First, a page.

I’ve chosen to do a talk on the use and cultural representation of opioids in the nineteenth century, a topic I’ve become interested in largely through my research into the poetry of George Crabbe, a clergyman writer who was also (perhaps not coincidentally), addicted to laudanum for much of his life. Laudanum, that ubiquitous cure-all made of alcohol and opium, was extremely widely available throughout the Romantic and Victorian periods. Crabbe, who is best known for writing ‘Peter Grimes’ (1810), a poem set in Aldeburgh which Benjamin Britten would make famous through his glorious opera of the same name, was by no means alone in forming a life-long habit after being prescribed the medicine for a relatively minor ailment. Another writer a couple of generations after him, Wilkie Collins also became hooked on the stuff, and wrote it into the plots of some of his sensation novels, including most famously, The Moonstone (1868). One of his earlier novels, which was serialised in Dickens’s All the Year Round between March 1862 and the beginning of 1863, No Name also features a protracted scene that revolves around this potentially lethal but also very commonplace nineteenth century intoxicant. The thing that really intrigues me about this novel’s use of laudanum is – as so often in my work – the matter of space and geography. For where does Collins choose to set the novel’s thrilling laudanum scene but Aldeburgh.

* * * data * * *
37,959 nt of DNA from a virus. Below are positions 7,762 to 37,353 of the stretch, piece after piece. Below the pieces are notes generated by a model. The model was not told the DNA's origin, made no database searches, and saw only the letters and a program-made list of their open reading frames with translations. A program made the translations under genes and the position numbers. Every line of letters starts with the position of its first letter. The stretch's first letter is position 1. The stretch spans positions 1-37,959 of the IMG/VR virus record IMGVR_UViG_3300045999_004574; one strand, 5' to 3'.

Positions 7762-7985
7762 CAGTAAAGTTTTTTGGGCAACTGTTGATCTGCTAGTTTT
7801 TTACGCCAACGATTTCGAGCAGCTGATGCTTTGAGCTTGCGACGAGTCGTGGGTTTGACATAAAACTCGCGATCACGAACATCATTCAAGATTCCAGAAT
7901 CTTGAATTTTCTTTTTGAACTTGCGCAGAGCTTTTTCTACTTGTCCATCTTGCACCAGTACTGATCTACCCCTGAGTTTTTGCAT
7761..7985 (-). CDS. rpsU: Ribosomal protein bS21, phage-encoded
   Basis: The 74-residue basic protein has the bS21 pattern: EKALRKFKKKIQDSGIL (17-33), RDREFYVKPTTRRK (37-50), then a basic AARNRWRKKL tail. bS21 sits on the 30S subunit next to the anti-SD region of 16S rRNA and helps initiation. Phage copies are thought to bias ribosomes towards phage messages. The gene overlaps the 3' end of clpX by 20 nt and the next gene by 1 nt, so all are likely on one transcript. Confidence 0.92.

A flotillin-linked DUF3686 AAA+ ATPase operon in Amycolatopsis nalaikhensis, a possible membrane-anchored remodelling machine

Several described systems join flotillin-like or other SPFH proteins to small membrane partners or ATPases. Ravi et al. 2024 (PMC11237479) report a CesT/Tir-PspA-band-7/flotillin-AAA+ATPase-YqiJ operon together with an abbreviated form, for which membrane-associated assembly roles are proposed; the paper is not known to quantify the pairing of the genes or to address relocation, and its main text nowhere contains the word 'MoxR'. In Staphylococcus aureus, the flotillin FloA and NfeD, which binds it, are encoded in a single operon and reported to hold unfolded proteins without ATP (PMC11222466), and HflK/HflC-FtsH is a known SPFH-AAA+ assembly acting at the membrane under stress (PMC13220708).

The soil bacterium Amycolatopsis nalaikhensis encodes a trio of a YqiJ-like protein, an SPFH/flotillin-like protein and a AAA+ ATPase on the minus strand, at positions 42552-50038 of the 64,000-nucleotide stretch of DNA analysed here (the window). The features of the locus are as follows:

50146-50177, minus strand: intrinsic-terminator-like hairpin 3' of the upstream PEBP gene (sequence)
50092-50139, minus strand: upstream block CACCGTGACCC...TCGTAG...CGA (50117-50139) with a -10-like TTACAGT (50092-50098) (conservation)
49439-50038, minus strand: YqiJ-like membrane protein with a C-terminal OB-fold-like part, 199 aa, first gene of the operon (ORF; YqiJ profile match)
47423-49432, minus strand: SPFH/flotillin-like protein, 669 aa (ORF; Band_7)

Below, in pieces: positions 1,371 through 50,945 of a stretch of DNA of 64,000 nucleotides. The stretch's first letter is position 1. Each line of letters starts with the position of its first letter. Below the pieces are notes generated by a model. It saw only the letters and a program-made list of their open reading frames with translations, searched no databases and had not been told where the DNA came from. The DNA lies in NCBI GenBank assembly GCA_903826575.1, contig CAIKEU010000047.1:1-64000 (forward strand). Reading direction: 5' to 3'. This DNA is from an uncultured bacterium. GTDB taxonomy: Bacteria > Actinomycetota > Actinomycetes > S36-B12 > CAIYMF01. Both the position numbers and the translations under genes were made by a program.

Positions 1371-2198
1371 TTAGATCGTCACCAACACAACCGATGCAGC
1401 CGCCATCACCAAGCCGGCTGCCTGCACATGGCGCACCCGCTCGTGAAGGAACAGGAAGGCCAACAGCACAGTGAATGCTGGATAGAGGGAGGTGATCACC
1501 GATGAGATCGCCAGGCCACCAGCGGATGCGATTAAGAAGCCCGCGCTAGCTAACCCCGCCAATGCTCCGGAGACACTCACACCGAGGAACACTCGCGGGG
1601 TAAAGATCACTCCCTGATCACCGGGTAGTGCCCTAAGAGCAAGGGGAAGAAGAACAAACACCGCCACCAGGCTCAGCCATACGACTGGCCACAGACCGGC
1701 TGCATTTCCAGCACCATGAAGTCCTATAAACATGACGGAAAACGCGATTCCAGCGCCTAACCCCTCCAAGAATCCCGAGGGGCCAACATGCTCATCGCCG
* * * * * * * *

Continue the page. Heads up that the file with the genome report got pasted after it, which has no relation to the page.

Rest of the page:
I haven’t yet been able to find out whether Collins did or could have known about Crabbe’s addiction – haven’t had time to track down the relevant books yet, sorry! But what we might call a kind of intertextuality of literary geography always jumps out at me when I read texts that inscribe a new story on an already culturally mediated site: so often, when writers engage with a place in their fiction, they call up the memory of other contemporary or previous writers that have become associated with that place in their own work. Much of my research into nineteenth-century Bloomsbury involved tracking down these shadowy references to the cultural constructions of the place from the literature of a few decades back, as for instance does my chapter about the intertextual relation of the geography of Thackeray’s Vanity Fair to its silver fork antecedents. When I read this novel by Collins, the lengthy section set in Aldeburgh kept reminding me of passages I knew from Crabbe’s masterpiece The Borough (1810), of which ‘Peter Grimes’ forms a part. When I came across the scene in which the mentally disturbed heroine Magdalen Vanstone contemplates suicide by laudanum overdose, it appeared to directly invoke the spirit of Crabbe, a poet whose tragic verse includes non-heroic ‘self-murder’ with notable and unusual frequency.